TOKYO, August 1 – Japan’s embattled Prime Minister Yasuo Fukuda was set to reshuffle his cabinet Friday in a last-ditch bid to revive waning public support as elections loom against a rising opposition.
The popularity of the 72-year-old centrist, once seen as a pair of safe hands, has plunged since he took over in September last year, leading to calls that he should surround himself with new faces.
Japanese media said Fukuda would likely keep in place his top aide, Nobutaka Machimura, but bring his former rival Taro Aso back from the political wilderness as secretary general of the ruling Liberal Democratic Party (LDP).
Through the reshuffle, Fukuda "wants to pursue policies that focus on people’s daily lives," said Machimura, who as chief cabinet secretary is the number two in the government and its spokesman.
Fukuda is scheduled to hold a news conference at 9:00 pm (1200 GMT) to discuss his appointments.
The premier has little taste for dramatic surprises and left in place 15 of the 17 ministers from his disgraced predecessor Shinzo Abe’s cabinet, although he swapped some portfolios.
That decision was aimed at minimising political chaos after Abe’s sudden resignation following a string of scandals in his cabinet. Abe then checked himself into hospital for stress.
Fukuda is known for moderate views within the conservative LDP. He has championed efforts to repair often strained relations with giant neighbour China and is due to head next week to Beijing for the Olympics.
But public approval of Fukuda’s cabinet nosedived within months of taking over largely due to a backlash over a new medical plan that raises costs for many elderly people.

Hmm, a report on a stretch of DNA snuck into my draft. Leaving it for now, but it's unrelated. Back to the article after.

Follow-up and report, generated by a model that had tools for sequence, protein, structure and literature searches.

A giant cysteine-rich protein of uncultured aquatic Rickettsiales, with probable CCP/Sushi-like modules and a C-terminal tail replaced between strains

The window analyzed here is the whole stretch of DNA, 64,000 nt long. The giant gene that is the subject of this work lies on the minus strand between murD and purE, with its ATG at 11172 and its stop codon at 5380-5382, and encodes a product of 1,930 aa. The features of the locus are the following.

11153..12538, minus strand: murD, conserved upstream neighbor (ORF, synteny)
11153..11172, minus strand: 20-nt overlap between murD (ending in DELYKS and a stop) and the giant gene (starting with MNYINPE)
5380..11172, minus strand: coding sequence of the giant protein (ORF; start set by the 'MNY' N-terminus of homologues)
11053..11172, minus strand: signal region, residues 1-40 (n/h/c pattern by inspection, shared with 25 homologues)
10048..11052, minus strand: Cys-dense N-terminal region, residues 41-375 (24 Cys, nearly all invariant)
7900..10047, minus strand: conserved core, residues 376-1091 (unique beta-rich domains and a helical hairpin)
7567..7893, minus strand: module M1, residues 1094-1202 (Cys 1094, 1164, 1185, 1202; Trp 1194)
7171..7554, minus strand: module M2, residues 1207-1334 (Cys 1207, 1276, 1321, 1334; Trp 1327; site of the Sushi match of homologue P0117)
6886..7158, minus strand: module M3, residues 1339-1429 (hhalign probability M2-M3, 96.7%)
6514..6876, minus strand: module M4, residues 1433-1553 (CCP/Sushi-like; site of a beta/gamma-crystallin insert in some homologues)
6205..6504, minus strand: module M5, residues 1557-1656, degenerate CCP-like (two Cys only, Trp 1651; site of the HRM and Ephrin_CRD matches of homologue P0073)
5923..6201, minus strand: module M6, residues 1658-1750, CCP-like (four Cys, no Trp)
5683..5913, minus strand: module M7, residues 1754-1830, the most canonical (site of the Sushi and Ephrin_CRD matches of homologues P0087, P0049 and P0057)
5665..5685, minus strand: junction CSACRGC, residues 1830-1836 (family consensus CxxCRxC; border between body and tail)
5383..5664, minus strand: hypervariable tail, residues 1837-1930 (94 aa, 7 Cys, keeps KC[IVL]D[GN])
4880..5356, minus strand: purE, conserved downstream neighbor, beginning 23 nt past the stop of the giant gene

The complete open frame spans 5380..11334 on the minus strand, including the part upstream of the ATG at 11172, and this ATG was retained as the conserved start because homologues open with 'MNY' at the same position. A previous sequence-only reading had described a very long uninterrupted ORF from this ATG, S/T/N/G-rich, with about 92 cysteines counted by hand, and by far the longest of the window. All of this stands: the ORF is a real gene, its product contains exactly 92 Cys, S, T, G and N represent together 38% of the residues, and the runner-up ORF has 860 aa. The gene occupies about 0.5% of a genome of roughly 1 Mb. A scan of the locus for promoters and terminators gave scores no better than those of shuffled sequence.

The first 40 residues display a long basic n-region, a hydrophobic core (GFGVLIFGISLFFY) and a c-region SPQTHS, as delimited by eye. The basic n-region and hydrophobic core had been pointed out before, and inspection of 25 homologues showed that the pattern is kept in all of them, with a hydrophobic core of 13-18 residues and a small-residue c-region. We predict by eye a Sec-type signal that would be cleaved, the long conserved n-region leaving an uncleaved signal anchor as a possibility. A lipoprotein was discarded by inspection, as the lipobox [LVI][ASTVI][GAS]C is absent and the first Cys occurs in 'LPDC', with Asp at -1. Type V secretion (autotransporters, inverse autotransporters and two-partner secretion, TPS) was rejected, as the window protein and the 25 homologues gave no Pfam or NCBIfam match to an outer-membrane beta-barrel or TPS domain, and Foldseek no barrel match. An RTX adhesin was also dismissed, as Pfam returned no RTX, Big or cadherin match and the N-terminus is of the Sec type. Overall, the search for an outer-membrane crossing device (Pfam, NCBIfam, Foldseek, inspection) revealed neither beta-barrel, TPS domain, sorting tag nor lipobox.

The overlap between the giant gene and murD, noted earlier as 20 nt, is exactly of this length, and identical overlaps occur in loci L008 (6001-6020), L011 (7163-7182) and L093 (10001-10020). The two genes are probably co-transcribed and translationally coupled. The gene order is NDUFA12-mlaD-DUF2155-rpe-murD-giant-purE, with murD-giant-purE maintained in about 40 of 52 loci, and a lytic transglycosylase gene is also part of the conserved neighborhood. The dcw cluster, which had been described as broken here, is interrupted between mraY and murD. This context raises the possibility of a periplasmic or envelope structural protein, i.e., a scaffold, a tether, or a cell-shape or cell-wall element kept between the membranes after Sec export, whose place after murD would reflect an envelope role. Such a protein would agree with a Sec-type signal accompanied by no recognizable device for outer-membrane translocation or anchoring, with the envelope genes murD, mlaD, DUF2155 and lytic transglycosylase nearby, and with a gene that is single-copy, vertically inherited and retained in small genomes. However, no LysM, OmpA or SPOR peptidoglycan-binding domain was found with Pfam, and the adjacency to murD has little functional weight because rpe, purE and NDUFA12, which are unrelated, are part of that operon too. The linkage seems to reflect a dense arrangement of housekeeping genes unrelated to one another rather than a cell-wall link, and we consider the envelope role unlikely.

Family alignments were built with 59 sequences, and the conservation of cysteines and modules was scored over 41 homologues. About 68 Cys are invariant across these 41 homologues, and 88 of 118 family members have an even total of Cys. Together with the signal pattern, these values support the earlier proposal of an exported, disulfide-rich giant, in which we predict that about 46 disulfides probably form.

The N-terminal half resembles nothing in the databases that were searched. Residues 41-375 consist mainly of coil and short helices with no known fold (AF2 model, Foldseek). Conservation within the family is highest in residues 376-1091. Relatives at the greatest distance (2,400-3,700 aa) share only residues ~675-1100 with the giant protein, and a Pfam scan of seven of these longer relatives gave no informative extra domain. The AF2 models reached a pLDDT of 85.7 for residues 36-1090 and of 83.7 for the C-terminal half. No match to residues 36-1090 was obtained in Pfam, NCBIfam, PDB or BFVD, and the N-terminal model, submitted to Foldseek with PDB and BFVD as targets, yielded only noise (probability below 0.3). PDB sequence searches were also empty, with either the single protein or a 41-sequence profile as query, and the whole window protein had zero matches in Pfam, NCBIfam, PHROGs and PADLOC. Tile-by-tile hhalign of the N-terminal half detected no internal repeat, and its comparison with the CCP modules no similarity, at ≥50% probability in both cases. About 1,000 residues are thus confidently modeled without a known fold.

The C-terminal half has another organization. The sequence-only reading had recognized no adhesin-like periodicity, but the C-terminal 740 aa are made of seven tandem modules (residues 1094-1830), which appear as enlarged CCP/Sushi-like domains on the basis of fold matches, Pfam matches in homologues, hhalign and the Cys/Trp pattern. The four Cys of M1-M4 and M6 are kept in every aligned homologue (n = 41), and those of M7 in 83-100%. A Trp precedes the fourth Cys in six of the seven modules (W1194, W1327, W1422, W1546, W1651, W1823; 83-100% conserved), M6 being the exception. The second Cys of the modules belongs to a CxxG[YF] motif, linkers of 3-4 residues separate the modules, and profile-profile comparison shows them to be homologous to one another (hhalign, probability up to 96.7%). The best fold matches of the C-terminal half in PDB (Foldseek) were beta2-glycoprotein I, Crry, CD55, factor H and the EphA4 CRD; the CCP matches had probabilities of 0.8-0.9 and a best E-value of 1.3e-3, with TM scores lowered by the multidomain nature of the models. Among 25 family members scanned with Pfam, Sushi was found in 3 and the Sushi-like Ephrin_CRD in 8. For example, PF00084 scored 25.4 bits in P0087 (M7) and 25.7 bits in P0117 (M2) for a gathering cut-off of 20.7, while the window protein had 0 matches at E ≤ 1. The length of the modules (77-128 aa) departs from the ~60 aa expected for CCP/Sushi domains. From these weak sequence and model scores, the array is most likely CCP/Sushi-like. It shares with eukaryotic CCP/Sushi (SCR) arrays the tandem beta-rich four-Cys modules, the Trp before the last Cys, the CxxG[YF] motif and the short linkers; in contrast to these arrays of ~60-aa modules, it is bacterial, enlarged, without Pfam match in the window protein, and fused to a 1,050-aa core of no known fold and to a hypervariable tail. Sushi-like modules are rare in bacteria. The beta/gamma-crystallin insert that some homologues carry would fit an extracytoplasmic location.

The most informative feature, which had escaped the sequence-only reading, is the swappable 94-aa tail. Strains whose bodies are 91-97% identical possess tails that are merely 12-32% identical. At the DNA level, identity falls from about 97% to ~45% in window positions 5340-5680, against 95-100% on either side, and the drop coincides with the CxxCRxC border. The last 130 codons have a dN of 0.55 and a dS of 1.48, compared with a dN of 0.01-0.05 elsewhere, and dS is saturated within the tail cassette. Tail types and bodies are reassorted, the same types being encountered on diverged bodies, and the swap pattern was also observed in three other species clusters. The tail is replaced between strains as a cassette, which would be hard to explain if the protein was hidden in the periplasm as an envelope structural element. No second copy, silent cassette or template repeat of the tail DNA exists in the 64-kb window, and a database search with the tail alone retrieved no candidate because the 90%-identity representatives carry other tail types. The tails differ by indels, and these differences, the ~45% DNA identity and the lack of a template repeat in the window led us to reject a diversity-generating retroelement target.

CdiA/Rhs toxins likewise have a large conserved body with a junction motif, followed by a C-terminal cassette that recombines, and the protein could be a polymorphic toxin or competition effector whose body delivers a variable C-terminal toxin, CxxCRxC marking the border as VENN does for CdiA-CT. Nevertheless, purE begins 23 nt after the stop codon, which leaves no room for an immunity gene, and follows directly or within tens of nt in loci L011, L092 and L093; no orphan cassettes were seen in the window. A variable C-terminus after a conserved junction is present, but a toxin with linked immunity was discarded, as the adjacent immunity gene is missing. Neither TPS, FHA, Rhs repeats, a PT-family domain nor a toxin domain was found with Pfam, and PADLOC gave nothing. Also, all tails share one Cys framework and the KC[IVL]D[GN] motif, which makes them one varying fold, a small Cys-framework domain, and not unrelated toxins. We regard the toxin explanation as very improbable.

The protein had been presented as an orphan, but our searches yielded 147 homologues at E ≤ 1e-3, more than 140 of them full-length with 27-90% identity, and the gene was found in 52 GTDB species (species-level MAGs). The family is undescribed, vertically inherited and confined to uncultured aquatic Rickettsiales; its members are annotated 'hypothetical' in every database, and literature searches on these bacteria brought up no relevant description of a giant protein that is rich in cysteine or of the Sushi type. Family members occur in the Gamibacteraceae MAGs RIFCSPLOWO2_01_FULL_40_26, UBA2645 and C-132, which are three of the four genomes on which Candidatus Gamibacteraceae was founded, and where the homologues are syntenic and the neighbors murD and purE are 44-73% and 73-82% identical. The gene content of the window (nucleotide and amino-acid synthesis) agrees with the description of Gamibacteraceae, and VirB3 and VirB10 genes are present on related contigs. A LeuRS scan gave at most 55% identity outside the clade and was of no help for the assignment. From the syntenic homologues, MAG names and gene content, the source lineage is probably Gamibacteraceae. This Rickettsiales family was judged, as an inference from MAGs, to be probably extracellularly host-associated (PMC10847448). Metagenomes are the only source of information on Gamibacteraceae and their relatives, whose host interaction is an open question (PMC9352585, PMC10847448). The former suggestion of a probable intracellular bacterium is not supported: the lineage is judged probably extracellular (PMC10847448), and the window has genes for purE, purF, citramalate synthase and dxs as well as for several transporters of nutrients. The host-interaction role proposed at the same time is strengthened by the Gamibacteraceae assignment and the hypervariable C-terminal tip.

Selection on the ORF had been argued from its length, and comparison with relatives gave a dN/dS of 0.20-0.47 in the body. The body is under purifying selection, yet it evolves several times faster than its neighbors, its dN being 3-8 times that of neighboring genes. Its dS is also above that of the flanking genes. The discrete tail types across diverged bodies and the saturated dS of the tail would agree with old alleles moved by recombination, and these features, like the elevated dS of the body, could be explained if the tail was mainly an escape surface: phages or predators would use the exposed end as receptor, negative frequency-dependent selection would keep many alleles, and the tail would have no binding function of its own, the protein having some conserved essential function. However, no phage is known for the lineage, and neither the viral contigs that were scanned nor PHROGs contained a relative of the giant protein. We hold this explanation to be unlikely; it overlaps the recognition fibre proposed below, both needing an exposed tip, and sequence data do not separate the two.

Fukuda received little boost to his popularity from hosting the summit of the Group of Eight industrial powers last month, with the cabinet’s approval rating still hovering just over 20 percent.
The opposition, which controls one house of parliament, has accused Fukuda of having no clear policy direction and has pushed the premier to dissolve the lower house for snap general elections.
Analysts said the reshuffle showed that Fukuda was serious about trying to reverse course rather than immediately call a general election, which is not due until September next year.
"Without a reshuffle, the administration would only keep losing strength. This conveys the message that Fukuda will stay in his job and try to win public support," said Sadafumi Kawato, a professor of politics at Tohoku University.
"Even some LDP members have been saying that it’s better to hold snap elections as early as possible because they don’t think they can win elections with Fukuda in the prime minister’s post," he said.
However, the expected appointment of Aso as the LDP’s secretary general could send a signal that Fukuda is prepared to step down after the next election, analysts said.
Aso, a flamboyant conservative, has run for premier three times and had openly pushed for the LDP post, seen as a launching pad for the premiership.
Television reports said Bunmei Ibuki, the current LDP secretary general, would move over to head the finance ministry, where he once served as a bureaucrat.
Analysts said the reshuffle was also aimed at reassuring coalition partner New Komeito, Japan’s third largest party, to stay with the LDP.
New Komeito, which derives support through ties with a major Buddhist movement, gives the ruling coalition a two-thirds majority in the lower house that lets it override the opposition-led upper house.
Fukuda met Friday with New Komeito’s head, Akihiro Ota, who said they had discussed "reforms that put a stress on consumers and ordinary people as well as the importance of revitalising the economy."